Abstraction is an easy screen, however, and you may not notice the dark co-dependency tale of "Fumes" move over the line from frank slice-of-drug-life narrative to insensitive and bitter through the hissing wet consonants of his delivery. Thankfully, it's overshadowed by songs that are straight-up playful: The bongo-augmented beat to "Bring Black Pluto" is a return to what Aesop and Blockhead do best, and while the connection between demoting Pluto as a planet and Pee Wee's Big Adventure are tenuous to me right now, anyone who fits in a reference to Large Marge and the eye of Cerberus in the same song surely earns extra points in heaven. Of course, there's guest spots from the Def Jux roster, and while Cage talks about his fucked-up childhood and El-P talks about his fucked-up adulthood, the former absolutely tears it over the irrepressible drumbeat of "Getaway Car", and El-P is still potent when he's just shouting a few choice words for a hook on "39 Thieves" and elevating"Gun for the Whole Family" amongst the record's often sluggish second half.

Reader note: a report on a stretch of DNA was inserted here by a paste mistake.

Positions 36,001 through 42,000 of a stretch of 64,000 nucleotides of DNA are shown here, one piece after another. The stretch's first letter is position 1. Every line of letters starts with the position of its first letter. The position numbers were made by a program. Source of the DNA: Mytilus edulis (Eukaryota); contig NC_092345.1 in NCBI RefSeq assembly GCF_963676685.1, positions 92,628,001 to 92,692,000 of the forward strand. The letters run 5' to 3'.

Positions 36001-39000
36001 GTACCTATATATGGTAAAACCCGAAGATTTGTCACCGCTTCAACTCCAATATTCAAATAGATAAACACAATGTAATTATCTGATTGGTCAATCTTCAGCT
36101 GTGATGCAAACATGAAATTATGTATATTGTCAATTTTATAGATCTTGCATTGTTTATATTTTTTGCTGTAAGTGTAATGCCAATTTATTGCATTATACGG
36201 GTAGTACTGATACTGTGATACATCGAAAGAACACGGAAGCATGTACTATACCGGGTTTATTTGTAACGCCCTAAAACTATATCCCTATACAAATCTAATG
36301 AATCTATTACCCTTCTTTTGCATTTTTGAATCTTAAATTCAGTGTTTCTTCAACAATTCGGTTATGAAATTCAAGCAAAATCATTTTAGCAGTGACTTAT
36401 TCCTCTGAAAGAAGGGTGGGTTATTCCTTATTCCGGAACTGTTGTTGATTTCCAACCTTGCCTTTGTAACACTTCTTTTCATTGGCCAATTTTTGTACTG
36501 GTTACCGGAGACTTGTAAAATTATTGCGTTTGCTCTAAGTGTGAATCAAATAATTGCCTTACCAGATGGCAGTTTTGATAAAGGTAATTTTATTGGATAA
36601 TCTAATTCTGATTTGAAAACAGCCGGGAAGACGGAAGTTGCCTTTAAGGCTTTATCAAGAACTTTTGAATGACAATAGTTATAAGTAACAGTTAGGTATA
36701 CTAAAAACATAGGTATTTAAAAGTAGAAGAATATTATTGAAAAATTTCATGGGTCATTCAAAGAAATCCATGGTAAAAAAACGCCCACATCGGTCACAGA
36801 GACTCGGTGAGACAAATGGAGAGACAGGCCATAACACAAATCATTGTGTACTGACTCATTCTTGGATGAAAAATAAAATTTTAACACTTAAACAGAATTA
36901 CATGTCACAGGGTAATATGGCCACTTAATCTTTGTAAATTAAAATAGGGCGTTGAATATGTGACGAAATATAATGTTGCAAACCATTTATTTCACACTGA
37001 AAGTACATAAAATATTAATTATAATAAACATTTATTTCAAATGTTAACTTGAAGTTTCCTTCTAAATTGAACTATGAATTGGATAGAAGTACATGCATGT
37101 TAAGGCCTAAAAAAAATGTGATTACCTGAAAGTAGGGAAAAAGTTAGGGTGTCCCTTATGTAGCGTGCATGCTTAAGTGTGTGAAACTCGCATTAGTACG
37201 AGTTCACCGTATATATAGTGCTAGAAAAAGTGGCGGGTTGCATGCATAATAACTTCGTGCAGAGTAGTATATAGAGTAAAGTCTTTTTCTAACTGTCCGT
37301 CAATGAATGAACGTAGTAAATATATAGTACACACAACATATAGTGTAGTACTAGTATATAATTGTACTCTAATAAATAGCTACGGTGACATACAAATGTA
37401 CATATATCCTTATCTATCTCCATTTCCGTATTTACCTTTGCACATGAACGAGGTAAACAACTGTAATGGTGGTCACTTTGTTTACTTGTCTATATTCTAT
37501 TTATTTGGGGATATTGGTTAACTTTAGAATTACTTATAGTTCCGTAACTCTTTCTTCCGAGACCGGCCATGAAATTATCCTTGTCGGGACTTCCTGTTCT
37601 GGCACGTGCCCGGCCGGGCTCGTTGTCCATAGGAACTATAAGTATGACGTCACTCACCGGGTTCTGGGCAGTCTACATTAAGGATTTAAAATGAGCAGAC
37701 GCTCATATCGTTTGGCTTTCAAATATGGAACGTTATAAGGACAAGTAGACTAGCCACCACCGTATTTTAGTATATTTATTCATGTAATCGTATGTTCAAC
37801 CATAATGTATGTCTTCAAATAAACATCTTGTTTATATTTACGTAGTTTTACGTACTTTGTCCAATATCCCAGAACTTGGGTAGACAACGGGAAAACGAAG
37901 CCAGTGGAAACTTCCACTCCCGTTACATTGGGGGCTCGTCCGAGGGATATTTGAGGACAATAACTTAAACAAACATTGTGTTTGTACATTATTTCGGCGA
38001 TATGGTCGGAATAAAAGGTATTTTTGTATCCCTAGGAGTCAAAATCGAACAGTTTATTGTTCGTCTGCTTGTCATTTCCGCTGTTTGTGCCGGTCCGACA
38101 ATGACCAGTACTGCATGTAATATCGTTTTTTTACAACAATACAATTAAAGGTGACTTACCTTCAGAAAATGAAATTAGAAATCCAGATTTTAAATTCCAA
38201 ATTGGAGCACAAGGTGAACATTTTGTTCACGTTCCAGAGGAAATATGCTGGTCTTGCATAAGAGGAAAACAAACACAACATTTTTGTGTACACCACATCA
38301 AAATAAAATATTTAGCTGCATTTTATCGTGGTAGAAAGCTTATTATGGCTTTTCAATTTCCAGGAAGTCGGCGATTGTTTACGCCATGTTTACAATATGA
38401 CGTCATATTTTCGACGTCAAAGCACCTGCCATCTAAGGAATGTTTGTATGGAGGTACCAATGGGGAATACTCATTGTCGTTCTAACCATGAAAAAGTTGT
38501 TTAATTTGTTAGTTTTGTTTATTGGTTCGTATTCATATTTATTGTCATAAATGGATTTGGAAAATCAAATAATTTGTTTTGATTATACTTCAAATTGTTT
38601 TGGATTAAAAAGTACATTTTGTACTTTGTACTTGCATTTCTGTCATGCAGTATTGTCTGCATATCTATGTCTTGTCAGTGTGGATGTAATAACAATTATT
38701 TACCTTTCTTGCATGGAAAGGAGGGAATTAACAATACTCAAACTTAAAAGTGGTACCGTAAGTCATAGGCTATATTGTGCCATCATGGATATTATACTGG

None Shall Pass is a little longer than it needs to be; much as I like his slippery but assured flow on "Five Fingers", cutting everything from acidic groove of "Citronella" straight to closing track "Coffee" would have made the point just as easily. That final track is the biggest jump for Aes, with what's basically a live-band track of slippery bass and chiming guitar with shades of the Fixx, which he bounces merrily over. This is the one John Darnielle of the Mountain Goats guests on, and he serves as the sort of fat lady of the record: he speak-sings his strangely evocative verse in his pinched and equally distinctive voice, and then it's over. I applaud Aes' willing to experiment and his taste in songwriters, but it ends the record on an uncertain note, and sort of the wrong foot... that is, until you get to the hidden track, another seeming live track of gutbucket slide-guitar funk, once again darting sideways in the face of expectation.